These dark feelings are not unlike those felt by many of today’s soldiers after they’ve returned from war, emotions Junger understands well, for he witnessed combat firsthand as a journalist and has observed more wars than most of us. In the experiences of war, in the misery and camaraderie of shared hardship, there is a paradox, which according to Junger, “...is because the trauma of combat is interwoven with other, positive experiences that become difficult to separate from the harm.” He digs deep into the fertile soil of this subject, comparing our modern epidemic of post-traumatic stress with the emotional response of warriors from a bygone age, those red-skinned natives who first inhabited our land hundreds of years ago. In the opening chapter, we find a brief history of the Stone-Age tribes that pestered the growth of America for over three hundred years, starting before its birth when early settlers were often kidnapped and assimilated into the tribes, and finally ending in in the 1920s.
During our nation’s early years, it is a startling but well-documented phenomenon that many of these early victims acclimated to tribal life. Often, victims who were rescued demonstrated a desire to remain with the tribe. Benjamin Franklin himself contrasted this fact with its complement, that Indians, westernized from their youth, were quick to return, or escape, to tribal life rather than remain in relative luxury practicing the customs to which they had been reared. For most of the first chapter, Junger builds on this and ultimately argues, “...the question for Western society isn’t so much why tribal life might be so appealing—it seems obvious...but why Western society is so unappealing.” With that question, together with a rich tapestry of well-researched and personal experiences, Junger drew me in, baiting my expectation.
Thence, Junger presents his argument, identifying thematic similarities in wars all over the globe in the years since. He does this in only four chapters. Four long chapters. This is one of the greatest weaknesses of the book. He admits in an author’s note preceding the first chapter that some, if not much, of the book was sourced from previously published articles, and this is evident. Another effect of this construction is that the argument seems to be incomplete. I reached the end of the book with many thought-provoking ideas but without a completed theme. In some ways, Junger presupposes an underlying ideology, assuming the reader both knows and agrees with him rather than examining and expounding on the implications of his ideas. In a book weaving together stories and pathos, this may be an unavoidable and inherent weakness.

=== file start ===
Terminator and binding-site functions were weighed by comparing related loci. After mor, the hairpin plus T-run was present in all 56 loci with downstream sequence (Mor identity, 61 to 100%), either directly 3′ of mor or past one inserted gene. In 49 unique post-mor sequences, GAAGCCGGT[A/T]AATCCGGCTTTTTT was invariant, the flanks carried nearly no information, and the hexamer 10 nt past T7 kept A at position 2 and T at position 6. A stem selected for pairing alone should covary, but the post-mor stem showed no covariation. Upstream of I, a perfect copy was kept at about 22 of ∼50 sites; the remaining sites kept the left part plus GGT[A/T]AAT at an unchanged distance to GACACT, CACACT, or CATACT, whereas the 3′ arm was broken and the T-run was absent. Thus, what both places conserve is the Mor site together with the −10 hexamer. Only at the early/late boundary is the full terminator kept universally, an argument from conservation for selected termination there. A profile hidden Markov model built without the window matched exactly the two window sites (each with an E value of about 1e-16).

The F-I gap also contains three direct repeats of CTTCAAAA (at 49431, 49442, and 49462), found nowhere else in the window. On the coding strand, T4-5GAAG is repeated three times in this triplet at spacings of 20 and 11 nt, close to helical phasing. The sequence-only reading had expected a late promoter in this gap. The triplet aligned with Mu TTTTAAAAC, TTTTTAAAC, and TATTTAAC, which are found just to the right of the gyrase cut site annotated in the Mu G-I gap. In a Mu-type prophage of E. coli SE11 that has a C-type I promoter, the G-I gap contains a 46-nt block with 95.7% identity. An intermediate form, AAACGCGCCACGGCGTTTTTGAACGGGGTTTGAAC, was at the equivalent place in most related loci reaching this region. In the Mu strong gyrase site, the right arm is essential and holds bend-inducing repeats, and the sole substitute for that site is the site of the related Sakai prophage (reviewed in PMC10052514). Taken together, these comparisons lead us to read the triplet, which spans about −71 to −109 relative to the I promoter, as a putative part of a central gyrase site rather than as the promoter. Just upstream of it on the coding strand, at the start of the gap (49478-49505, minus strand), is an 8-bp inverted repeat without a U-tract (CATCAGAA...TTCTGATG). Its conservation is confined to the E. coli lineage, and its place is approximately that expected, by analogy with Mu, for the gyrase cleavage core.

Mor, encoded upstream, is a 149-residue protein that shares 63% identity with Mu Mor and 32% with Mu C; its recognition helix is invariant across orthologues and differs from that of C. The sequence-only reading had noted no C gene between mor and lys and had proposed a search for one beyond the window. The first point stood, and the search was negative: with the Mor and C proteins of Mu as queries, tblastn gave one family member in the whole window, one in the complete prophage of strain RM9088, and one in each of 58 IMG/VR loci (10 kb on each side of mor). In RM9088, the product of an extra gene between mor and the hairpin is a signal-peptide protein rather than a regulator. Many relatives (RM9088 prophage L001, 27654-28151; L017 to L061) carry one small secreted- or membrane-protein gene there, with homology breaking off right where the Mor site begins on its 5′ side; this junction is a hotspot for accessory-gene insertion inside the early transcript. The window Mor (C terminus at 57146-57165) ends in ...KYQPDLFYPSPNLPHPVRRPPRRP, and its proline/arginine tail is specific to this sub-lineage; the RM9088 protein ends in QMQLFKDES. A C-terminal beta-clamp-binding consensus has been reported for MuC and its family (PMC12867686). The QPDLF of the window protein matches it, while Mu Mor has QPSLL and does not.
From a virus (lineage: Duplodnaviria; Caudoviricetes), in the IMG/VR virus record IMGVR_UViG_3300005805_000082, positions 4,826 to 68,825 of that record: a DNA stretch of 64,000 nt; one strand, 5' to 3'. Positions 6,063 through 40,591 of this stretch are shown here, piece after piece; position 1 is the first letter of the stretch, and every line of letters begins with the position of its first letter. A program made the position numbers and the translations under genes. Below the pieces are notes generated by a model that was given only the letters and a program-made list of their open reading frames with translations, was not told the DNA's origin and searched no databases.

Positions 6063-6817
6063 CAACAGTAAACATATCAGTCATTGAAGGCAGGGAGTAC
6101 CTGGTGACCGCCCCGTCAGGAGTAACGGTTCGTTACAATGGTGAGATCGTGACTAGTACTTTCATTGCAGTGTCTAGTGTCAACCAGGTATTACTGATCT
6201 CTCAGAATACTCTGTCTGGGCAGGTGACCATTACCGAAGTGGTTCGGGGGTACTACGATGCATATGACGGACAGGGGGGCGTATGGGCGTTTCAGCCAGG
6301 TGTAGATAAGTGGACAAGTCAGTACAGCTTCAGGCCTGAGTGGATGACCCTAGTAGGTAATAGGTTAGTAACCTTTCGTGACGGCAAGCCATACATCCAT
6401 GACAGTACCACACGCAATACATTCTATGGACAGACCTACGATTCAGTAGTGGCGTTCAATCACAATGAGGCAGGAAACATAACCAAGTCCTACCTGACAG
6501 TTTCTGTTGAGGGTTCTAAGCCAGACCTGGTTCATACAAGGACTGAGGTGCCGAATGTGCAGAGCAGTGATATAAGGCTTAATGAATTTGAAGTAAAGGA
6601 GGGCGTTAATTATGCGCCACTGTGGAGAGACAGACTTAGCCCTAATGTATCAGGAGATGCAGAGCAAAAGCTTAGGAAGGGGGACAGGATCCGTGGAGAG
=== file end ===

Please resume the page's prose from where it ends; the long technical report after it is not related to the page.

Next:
Though it is brief, in this enjoyable book readers—whether veteran or not—will walk away with a greater appreciation for the challenges facing those weary from war at their homecoming. Those who study war will also uncover profound wisdom, both in the conduct of war and the care of its combatants. If it is incomplete in the defense of its underlying ideology, it does, however, succeed as a warning, a reminder of the cost of war and a challenge to society cultivate the solidarity that brought us “to this extraordinary moment in our history.” If, as Junger implies, solidarity brought us this crossroads in our history, “it may also be the only thing that allows us to survive it.”
Mark Jones Jr. is a husband, father, statistician, experimental test pilot, USAF Reservist, and writer. As a member of the Military Writers Guild, where he serves in its committee leadership. The opinions expressed are his alone, and do not reflect those of the U.S. Air Force, the Department of Defense, or the U.S. Government.
Have a response or an idea for your own article? Follow the logo below, and you too can contribute to The Bridge:
Enjoy what you just read? Please help spread the word to new readers by sharing it on social media.
Header image: U.S. airmen undergoing basic training at Lackland AFB. USAF | Senior Airman Christopher Griffin